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Old 09-20-2017, 04:37 PM   #7851
Hero Protagonist
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Re: Ask me about being an airline pilot or flying in general

W0X0F, was that fiord runway the same one featured in Gann's Fate is the Hunter?

I might add that you can also have runways where the takeoff and landing distances are not the same. If you have a displaced threshold (so the official landing threshold of the runway is painted on a ways into the runway), typically for landing obstacle clearance, the landing distance will be shorter than the takeoff distance. There might be other examples as well.


Also a photo of a one-way airstrip here in Fox Glacier, with a slope and a mountain preventing takeoff to the east:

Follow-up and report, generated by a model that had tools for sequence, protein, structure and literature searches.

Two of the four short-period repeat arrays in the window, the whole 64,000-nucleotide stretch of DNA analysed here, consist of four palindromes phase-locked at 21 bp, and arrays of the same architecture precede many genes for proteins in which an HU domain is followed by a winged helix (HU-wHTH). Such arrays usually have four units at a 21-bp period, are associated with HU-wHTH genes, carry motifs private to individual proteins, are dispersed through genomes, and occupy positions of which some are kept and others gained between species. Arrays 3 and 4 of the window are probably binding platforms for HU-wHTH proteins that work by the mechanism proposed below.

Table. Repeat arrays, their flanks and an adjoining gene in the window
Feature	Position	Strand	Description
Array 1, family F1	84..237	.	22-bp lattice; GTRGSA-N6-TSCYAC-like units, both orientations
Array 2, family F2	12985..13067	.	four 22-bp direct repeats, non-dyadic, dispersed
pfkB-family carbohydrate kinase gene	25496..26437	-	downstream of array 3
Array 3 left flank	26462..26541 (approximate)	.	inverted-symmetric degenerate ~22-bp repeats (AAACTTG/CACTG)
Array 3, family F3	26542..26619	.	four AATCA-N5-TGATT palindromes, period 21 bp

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Old 09-20-2017, 04:42 PM   #7852
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Re: Ask me about being an airline pilot or flying in general

I did flight number 3 two days ago. I suppose, flying from Memphis to LAX, I'm jet "unlagged."

This time, I made sure I had decent rest, enough to eat, and a few beers the night before. I didn't get aviation illness, but I still got very light-headed during the flight. It seemed mitigated this time, perhaps because I was listening to music?

Beyond that, I have no real complaints. I had a window seat and...

The first hour felt like we were on a large bus driving the side of a cliff. I had no idea airplanes can hit large "bumps" and fishtail, lol. The woman in the seat next to me was praying and crossed herself at the end of the flight.

At first, the air wasn't working. After spending the past several months in 110 degree weather, this didn't bother me, but we are talking about Los Angelinos, who go nuts once the temp scoots over 75. There was some rain outside, but seriously, it wasn't enough to cause a 1 hour delay. The turbulence tacked on another 30 minutes.